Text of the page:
*Totals/percentages equal more than 100 percent within and across some categories because of overlap. For example, a book can have more than one main character; a character can be both non-human and gendered, etc.

Wednesday, July 27, 2016

Books about Books

Anyone who has ever been to the CCBC knows the space isn’t vast. (We loved the vision of first-time visitor Margarita Engle on her trip here to accept the 2016 Charlotte Zolotow Award for Drum Dream Girl:  “I pictured a whole building!” Wouldn’t that be nice?). 

But we try to make good use of the physical space we do have—a more expansive space since our move to a new home in the Teacher Education Building on the UW-Madison campus two summers ago. With that moved we gained not only work space we’d never had before (there are stories), but more shelf space, too.

Most of that shelf space is devoted to books published for children and teens—a Current Collection of the newly published books we receive for hands-on book examination by Wisconsin librarians and others; a curated Basic Collection of recommended books across years and decades that we draw on heavily in our work with education and library school students and Wisconsin teachers; a small Historical Collection.  But we also have a collection of books about books for children and teens; in CCBC parlance, our Reference Collection.

Among recent additions to our Reference Collection are:

The Newbery & Caldecott Awards: A Guide to the Medal and Honor Books (ALA Editions, 2016). This edition’s timely introductory essay is “It’s All Political: Books, Awards, and Librarianship,” by 2016 Newbery Award Committee member Allie Jane Bruce, talking about things she’s encouraged by and things she hopes for as the Association for Library Service to Children (which administers the Newbery and Caldecott awards) and our profession as a whole address the challenges and responsibilities of providing culturally sensitive and culturally competent book evaluation and librarianship.

Excellent Books for Early and Eager Readers by Kathleen T. Isaacs (ALA Editions, 2016).  This is such a common question for librarians—what books can you suggest for a young child who is reading far beyond their age or grade?  Opening chapters discussing the characteristics of early readers and what makes a good book for early readers leads into the chapter-by-chapter genre suggestions which include both old favorites (Charlotte’s Web by E. B. White) and new classics (Anna Hibiscus by Atinuke).  

Picture This : How Pictures Work by Molly Bang. Revised and Expanded 25th Anniversary edition (Chronicle Books, 2016). With the first edition of this essential work out of print, I was thrilled to see this new edition. It is a striking and accessible look at visual literacy for both creators, including young artists, and those looking at art. This edition includes new content (e.g., a discussion of emotions in art using Bang’s picture book When Sophie Gets Angry…Really, Really Angry).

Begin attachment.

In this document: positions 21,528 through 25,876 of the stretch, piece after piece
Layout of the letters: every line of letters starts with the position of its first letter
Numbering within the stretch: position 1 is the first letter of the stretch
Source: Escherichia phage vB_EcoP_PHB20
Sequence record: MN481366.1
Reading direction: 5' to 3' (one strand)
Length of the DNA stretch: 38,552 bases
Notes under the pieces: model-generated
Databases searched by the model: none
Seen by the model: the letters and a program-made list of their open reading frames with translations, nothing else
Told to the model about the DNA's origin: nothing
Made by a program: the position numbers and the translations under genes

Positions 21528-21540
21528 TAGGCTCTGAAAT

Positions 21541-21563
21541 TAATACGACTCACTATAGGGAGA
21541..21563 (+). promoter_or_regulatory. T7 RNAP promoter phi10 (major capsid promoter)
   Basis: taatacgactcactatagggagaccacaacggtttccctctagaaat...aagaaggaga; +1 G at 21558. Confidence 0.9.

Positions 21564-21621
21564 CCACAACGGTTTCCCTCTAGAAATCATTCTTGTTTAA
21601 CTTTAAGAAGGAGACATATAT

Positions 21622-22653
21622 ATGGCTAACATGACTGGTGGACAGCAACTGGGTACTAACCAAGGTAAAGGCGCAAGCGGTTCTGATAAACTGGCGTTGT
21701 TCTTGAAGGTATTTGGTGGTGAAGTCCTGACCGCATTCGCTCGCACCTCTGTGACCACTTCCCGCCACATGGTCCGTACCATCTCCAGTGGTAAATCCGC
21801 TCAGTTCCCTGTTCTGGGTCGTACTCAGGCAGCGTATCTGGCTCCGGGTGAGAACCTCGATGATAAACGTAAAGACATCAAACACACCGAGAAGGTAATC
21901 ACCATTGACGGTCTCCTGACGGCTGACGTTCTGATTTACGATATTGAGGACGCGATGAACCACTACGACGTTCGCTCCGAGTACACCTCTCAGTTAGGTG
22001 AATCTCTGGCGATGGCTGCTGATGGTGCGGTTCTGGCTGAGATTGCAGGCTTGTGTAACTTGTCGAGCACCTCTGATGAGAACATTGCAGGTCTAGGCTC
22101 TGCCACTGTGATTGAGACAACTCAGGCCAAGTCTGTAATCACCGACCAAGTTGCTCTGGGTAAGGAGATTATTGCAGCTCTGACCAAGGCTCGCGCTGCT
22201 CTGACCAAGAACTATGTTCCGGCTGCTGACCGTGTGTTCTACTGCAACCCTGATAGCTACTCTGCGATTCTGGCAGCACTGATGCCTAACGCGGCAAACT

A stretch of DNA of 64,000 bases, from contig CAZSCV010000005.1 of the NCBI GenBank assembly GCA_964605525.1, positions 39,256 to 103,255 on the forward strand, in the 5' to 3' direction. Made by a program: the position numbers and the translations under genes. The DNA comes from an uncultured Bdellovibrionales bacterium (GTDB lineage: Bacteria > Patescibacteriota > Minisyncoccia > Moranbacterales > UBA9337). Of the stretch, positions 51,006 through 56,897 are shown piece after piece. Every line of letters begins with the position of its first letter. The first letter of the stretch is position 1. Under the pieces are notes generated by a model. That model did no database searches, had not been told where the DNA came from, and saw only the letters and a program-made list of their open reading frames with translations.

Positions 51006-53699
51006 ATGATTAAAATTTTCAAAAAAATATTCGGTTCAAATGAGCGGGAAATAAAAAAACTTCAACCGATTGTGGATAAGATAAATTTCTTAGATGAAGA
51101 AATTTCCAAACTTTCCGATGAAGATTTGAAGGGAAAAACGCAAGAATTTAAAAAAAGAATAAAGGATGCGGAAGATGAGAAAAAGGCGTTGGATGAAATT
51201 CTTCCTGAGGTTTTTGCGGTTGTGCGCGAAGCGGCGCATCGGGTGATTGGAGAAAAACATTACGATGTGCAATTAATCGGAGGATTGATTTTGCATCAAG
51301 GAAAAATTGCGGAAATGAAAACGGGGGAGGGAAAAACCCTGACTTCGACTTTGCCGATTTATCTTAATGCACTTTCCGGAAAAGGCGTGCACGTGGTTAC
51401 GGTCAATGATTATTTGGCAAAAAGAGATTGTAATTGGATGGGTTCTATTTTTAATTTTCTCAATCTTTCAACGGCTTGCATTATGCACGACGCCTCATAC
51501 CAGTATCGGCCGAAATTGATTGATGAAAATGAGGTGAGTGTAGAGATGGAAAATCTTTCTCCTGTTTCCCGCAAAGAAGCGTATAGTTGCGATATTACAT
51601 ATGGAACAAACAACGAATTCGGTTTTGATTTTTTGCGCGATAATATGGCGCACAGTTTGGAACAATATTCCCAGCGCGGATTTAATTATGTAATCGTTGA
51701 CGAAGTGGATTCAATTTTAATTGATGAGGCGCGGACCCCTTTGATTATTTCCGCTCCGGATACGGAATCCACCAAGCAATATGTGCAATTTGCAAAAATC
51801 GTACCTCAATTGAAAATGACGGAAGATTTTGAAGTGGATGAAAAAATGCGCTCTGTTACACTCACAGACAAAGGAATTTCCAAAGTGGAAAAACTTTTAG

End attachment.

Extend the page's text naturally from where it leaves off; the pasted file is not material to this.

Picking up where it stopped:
Robert McCloskey: A Private Life in Words and Pictures by Jane
McCloskey (Seapoint, 2011). If I had a coffee table, this book would be on it.  Robert McCloskey’s younger daughter, Jane, discusses her father’s life in a personal, conversational narrative accompanied by some of her father's sketches, paintings and illustrations. Although the artwork isn’t abundant—some page spreads are all text—the design is lovely and it’s the kind of book one can imagine getting lost in (in which case the nightstand might be a better place—but it’s a little large….)

These four new additions to the Reference Collection join many other books, from selection tools like Children’s Catalog to children’s and young adult  literature textbooks to numerous resources about multicultural literature, intellectual freedom, graphic novels, international literature, and more. From picture books to young adult literature, scholarly critiques to hands-on reading guidance, we try to build this relatively limited collection with the interest of assisting both researchers and library and education students and practitioners.  We’ve gone to online editions of a few resources, something being part of the university make technically easier, if no less costly.  But there is nothing quite like working on a reference question and being able to get up, go to the Reference shelves, and browse…

Monday, July 25, 2016

Book of the Week: Toshi's Little Treasures

Toshi’s Little Treasures

by Nadine Robert
Illustrated by Aki
Translated by Yvette Ghione from the French

Published by U.S. edition: Kids Can Press, 2016
36 pages
ISBN: 978-1-77138-673-2
Ages 3-7

A picture book homage to the love of collecting shared by many children is full of small treasures and small pleasures. Whenever Toshi and his grandma take a walk, Toshi collects things that interest him (e.g., a marble, a magnolia blossom, an acorn, a guitar pick, the tab from a soda can, a cricket casing). Expansive double-page spreads show each place they visit (river, town, forest, country, park, beach), with the many objects Toshi will eventually pick up scattered and labeled throughout the scene. Alternating spreads feature two single pages, one showing everything Toshi collected, the other showing objects that relate to the items (e.g., a pink magnolia tree, a guitar, a soda can), inviting readers to find the match for each of Toshi’s treasures (answers, if needed, are in the back). There’s so much to pour over, notice and love in this picture book, including the relationship between Toshi and his grandma. It turns out she also collected as a child—and still does! A delicate touch and skillful use of white space and makes illustrations full of colorful objects and detailed scenes feel uncluttered. Toshi and his grandmother are Japanese. ©2016 Cooperative Children’s Book Center